Political consultant Melahat Rafiei agreed to plead guilty to a felony charge of attempting to defraud a cannabis dispensary client associated with her firm, the U.S. Department of Justice said Thursday. She also admitted to agreeing to bribe two Irvine City Council members, according to court documents.

Rafiei, 45, of Anaheim, has agreed to plead guilty to one count of attempted wire fraud, federal prosecutors said.

Rafiei is the owner and founder of Progressive Solutions Consulting, a Long Beach-based political consulting firm, and served as executive director of the Orange County Democratic Party from 2007 to 2009.

She also formerly served as secretary of the California Democratic Party and was a state representative to the Democratic National Committee.

“I have made this painful choice by weighing my options, the most important of which was the care and custody of my son,” Rafiei said in a statement provided to the Register. “I know this option will bring certainty, closure and a path forward.”

According to her plea agreement, Rafiei said she agreed to give at least $225,000 in bribes to Irvine councilmembers in 2018 in exchange for getting them to introduce and pass a city ordinance that would allow her clients to open a retail cannabis store in Irvine. The two councilmembers were not named in the court documents; no current councilmembers were serving at that time.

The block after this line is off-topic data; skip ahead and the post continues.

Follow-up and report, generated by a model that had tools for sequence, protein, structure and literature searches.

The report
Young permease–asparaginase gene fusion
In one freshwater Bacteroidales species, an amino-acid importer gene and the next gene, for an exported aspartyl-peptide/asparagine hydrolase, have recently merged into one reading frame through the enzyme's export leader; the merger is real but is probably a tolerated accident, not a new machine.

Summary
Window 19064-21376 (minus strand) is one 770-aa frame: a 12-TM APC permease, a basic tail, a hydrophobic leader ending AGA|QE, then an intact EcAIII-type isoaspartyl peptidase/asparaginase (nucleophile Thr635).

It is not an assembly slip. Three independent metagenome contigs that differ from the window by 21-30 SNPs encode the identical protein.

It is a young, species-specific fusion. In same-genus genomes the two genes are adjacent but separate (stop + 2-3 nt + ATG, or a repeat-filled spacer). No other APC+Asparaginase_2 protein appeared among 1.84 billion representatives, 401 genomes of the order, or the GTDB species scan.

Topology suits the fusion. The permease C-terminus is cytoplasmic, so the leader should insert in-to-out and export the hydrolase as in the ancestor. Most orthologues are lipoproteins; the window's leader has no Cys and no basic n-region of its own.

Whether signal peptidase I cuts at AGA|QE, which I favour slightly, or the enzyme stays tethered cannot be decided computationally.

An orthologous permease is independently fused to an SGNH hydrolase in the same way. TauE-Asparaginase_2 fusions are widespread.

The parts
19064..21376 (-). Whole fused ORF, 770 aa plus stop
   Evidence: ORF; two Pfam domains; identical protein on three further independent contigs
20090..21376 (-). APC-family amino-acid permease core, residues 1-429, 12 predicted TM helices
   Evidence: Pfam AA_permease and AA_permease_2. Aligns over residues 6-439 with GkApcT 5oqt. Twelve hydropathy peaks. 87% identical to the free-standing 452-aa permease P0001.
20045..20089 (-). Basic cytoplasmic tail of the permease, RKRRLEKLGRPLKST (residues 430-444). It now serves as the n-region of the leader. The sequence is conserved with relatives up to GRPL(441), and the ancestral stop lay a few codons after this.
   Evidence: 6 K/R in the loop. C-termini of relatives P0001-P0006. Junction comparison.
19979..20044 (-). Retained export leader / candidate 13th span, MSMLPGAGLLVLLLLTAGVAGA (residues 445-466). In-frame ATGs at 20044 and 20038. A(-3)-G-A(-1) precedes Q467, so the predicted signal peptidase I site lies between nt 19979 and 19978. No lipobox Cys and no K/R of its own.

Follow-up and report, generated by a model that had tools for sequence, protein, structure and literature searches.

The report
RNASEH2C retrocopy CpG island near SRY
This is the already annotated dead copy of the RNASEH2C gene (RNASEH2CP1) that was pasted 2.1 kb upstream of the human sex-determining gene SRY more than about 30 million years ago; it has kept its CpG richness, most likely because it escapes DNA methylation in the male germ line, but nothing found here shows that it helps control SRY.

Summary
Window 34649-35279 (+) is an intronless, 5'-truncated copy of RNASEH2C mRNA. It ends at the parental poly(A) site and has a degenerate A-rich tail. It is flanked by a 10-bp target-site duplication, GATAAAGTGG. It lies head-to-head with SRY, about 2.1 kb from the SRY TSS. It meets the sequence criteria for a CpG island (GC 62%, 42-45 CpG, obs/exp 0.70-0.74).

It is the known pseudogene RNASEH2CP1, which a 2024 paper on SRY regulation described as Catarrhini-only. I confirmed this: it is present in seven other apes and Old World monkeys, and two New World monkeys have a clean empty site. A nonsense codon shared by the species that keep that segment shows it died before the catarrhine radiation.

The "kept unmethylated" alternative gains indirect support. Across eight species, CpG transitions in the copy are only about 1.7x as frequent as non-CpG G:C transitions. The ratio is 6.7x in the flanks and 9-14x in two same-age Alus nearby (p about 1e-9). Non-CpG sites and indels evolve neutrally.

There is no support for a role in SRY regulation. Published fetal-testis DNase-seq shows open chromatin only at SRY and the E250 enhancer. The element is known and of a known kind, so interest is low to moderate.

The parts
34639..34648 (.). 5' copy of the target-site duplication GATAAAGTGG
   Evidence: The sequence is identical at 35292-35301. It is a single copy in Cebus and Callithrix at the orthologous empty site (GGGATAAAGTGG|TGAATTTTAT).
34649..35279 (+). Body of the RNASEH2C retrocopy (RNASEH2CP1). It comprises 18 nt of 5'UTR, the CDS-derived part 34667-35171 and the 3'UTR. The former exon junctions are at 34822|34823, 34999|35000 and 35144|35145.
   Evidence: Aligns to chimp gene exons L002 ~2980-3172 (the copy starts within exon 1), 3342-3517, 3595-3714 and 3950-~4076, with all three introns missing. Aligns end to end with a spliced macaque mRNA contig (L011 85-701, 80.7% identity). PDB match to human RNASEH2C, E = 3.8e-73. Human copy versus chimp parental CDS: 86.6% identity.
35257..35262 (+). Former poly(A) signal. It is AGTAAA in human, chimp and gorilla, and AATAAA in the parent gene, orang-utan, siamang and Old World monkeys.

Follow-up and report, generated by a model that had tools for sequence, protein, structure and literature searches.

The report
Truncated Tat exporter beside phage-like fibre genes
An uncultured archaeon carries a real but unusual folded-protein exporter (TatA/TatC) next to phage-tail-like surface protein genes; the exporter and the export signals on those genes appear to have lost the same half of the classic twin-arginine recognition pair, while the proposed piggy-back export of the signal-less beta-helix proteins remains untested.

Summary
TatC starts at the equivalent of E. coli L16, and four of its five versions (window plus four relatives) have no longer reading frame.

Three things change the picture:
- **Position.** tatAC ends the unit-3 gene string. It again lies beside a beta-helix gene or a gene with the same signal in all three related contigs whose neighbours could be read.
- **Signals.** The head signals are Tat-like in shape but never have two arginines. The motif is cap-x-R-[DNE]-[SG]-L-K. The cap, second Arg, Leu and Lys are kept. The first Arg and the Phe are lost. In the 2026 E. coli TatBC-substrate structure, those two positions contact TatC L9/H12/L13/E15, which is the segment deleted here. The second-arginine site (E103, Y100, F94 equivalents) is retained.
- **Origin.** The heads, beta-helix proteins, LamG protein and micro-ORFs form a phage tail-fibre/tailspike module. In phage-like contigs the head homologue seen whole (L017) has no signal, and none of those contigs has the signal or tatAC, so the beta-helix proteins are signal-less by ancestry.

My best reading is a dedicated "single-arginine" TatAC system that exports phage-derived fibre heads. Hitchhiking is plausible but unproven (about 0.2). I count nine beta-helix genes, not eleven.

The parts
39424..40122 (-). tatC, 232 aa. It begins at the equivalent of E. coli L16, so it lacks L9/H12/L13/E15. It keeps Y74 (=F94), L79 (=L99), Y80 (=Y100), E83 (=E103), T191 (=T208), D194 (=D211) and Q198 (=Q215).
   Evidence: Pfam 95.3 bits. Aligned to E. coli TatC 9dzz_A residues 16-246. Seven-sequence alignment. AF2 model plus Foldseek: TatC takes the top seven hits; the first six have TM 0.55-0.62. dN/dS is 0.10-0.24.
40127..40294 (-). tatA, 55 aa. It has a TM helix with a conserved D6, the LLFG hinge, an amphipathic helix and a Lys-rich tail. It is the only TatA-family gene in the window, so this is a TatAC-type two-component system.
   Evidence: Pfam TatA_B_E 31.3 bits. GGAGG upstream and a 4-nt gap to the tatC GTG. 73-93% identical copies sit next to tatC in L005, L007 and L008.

In April 2018, Rafiei offered to introduce an individual employed in the medical cannabis industry to an Irvine politician, only identified in court documents as “Elected Official 1,” said prosecutors.

The following month, Rafiei met with that unnamed elected official to discuss introducing an ordinance that would legalize retail medical cannabis and ultimately benefit her client’s business, the plea agreement says.

Rafiei says, in the plea agreement, that she and the elected official told the client and his business partner they planned to use a separate member of the Irvine City Council — identified in court documents as “Elected Official 2” — to introduce the ordinance.

Following this meeting, Rafiei said she asked the individual’s business partner to pay her between $350,000 and $400,000 in exchange for getting the cannabis ordinance introduced, according to the agreement.

The plea agreement says Rafiei told the business partner that the “bribe payments” would be disguised as attorney fees for legal services provided by her various public affairs and campaign management companies to circumvent the elected officials’ financial disclosure requirements. In June 2018, she says a contract was drafted between herself and the second elected official, which included a $25,000 retainer for “legal services,” according to the plea agreement.

Later, Rafiei told the individual’s business partner that Elected Official 2 had asked for approximately $25,000 and Elected Official 1 had asked for $200,000, said prosecutors.

The plea agreement also alleges that in September and October 2019, Rafiei falsely told a commercial cannabis company owner that, in exchange for a payment of at least $300,000, she would work to pass a cannabis-related ordinance in Anaheim that would benefit that person’s business.

Rafiei also falsely told the victim that $200,000 of the $300,000 would go to the Anaheim Chamber of Commerce when she intended to split the $200,000 equally between herself and an associate not affiliated with the Chamber of Commerce, prosecutors said.

Rafiei is expected to make her initial appearance in the United States District Court in Santa Ana on Feb. 6

This is a developing story.